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- The Royal Hotel, which dates back to 1889, is one of a string of Melbourne pubs which have become a battle ground between developers and residents.
- The owners of the pub abruptly called last drinks in 2017 and submitted plans to redevelop the pub in 2019 into a five-storey apartment complex.
- The plans received more than 270 objections with residents upset at the loss of their local pub and concerned by the proposed demolition of significant parts of the heritage building.
A long-running battle over the redevelopment of a historic pub in Melbourne’s inner north has ended with the Victorian Civil and Administrative Tribunal rejecting plans to turn the pub into apartments.
The owners of the Royal Hotel in Clifton Hill abruptly called last drinks in 2017 and submitted plans to redevelop the pub in 2019 into a five-storey apartment complex, galvanising local residents to begin a five-year fight.
Plans to redevelop The Royal Hotel in Clifton Hill have been rejected at VCAT. Credit: Joe Armao
The plans received more than 270 objections with residents upset at the loss of their local pub and concerned by the proposed demolition of significant parts of the heritage building.
The Royal Hotel, built in 1889, is one of a string of Melbourne pubs which have become a battleground between developers and residents following the illegal demolition of the Corkman in Carlton.
Last year unions and residents joined forces to fight to save the John Curtin Hotel in Carlton, and a campaign to retain The Tote in Collingwood as a pub and live music venue is ongoing.
VCAT rejected the owners’ redevelopment proposal for the Royal Hotel last week on the basis that it would not result in a net community benefit.
“I don’t think its NIMBY [Not In My Backyard], nobody has objected to the brand new doctor’s surgery opposite the pub.”
“We acknowledge that the proposal is consistent with the identified policies which seek to increase residential densities in well-serviced locations such as this,” VCAT found. “On balance, however, we find that these benefits do not outweigh the detriment to the significance of the heritage place (and to this individually significant heritage building), that will be a consequence of the proposal.”
Clifton Hill resident David Levin, who campaigned against the redevelopment, said locals were “quite outraged” by the plans as the pub had played an important role in the community.
“It was where the local school teachers met every Friday, it’s where people had their parties and celebrations and so on, like sporting clubs,” he said. “For 120 years it’s been the focal centre of this little area.”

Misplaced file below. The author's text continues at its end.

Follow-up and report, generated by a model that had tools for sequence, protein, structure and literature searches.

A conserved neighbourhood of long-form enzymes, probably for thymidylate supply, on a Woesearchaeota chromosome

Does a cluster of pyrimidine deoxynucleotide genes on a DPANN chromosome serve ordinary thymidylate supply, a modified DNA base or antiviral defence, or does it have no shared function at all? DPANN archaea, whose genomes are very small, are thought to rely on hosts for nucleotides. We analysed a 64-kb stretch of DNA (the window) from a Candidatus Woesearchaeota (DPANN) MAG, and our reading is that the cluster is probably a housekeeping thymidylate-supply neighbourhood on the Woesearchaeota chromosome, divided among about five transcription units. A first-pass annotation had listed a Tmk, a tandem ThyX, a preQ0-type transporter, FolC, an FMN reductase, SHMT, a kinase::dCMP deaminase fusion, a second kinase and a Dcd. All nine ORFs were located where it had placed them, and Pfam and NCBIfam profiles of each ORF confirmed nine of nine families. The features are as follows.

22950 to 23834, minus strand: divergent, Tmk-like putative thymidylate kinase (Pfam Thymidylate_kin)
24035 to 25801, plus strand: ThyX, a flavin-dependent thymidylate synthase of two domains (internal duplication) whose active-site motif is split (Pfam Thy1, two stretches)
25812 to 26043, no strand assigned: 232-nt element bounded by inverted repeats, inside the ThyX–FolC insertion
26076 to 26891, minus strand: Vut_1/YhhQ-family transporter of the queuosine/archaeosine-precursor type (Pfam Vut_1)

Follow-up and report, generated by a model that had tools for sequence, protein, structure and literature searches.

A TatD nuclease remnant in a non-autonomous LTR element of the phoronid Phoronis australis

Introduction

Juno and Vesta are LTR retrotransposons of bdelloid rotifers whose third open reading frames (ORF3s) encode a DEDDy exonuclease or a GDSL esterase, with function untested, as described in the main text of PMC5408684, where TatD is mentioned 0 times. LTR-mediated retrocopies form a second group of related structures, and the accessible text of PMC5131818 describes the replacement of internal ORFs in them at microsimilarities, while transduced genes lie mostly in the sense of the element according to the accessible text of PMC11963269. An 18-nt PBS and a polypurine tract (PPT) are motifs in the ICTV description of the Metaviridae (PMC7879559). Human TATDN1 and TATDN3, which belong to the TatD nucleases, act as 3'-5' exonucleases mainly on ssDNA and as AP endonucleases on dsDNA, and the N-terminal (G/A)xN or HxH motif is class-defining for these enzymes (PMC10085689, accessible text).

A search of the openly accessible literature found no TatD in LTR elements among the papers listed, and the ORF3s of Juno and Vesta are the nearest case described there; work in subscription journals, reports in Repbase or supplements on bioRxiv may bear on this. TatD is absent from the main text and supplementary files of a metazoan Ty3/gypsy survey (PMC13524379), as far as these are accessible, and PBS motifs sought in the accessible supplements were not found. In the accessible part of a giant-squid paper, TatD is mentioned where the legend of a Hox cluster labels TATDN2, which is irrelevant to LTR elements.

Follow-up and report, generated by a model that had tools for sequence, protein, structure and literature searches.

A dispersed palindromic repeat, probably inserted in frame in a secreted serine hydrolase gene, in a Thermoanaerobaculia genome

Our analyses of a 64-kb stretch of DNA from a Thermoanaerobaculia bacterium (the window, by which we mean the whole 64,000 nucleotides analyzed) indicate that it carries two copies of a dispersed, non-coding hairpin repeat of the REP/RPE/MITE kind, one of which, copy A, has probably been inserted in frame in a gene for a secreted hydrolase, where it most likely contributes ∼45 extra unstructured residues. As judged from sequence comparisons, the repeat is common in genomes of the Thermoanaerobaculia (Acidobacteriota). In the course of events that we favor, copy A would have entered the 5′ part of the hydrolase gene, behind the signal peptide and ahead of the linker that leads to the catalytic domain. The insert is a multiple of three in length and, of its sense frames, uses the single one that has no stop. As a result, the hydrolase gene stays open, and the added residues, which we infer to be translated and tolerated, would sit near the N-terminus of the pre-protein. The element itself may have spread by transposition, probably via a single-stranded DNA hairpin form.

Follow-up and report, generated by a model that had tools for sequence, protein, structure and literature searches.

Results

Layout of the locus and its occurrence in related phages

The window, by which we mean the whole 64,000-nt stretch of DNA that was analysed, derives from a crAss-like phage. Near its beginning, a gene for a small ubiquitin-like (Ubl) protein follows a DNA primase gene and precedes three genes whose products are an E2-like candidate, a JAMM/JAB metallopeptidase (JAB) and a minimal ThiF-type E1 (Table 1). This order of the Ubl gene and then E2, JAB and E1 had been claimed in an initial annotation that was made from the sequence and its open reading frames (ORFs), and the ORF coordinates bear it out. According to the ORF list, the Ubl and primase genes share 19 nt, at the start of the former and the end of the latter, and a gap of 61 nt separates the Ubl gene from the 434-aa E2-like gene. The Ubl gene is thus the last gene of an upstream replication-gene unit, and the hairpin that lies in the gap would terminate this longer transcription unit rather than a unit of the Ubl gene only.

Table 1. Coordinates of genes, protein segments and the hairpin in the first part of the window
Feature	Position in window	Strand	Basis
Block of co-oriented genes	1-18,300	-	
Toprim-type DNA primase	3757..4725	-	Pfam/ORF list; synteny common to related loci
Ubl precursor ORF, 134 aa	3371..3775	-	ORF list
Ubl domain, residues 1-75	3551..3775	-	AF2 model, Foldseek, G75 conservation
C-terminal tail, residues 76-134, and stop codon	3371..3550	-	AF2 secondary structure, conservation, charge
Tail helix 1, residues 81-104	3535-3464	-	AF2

Plans submitted to VCAT for the proposed redevelopment of the Royal Hotel in Clifton Hill into apartments. Credit: VCAT
Levin said locals were not opposed to development, but were concerned about heritage destruction.
“I don’t think its NIMBY [Not In My Backyard], nobody has objected to the brand new doctor’s surgery opposite the pub,” he said. “All people were saying was, you shouldn’t destroy the essential historic fabric of the area and try to build five storeys plus on the roof.”
Levin said although the redevelopment had been rejected, it was unclear whether the Royal Hotel would ever return to operating as a pub.
“I’d love to think that it would become a pub,” he said. “I think it could be a very successful pub and it would be well-supported. There’s very little to compete with it, nothing in the immediate area.”
However, in a local Facebook group devoted to discussing ideas about the redevelopment of the Royal Hotel, some residents backed the apartment plan.
“The good news is that the community is winning more than we are losing so far.”
“Five storeys isn’t bad considering a lot of other proposals,” one resident wrote. “The more and more expensive it is to live around here, the more amenable I feel towards apartment developments. Clifton Hill is becoming too much of an enclave for the wealthy.”
City of Melbourne deputy lord mayor Nicholas Reece said the case was “a huge win” for the community campaign to save Melbourne’s heritage pubs.
“These pubs are part of the fabric of Melbourne, they are one of the things that make the inner city so special,” he said. “But they are under development pressure like never before as developers look to buy corner sites and convert them to a ‘higher value use’.”
Reece said the community campaign to save the Royal Hotel was similar to those to protect The John Curtin and The Tote.
“The good news is that the community is winning more than we are losing so far,” he said. “But the pressure to redevelop these sites is only growing, and we are going to see more pubs at risk.”
Reece said Victoria needed better planning protections for heritage pubs.
“They need to be recognised for their historical social value, not just for their architectural significance,” he said. “We also need local councils across Melbourne to do more to gain heritage recognition for their local pubs like we have been doing in City of Melbourne.”
The owners of the Royal Hotel did not respond to a request for comment made through their solicitors.
The City of Yarra declined to comment.
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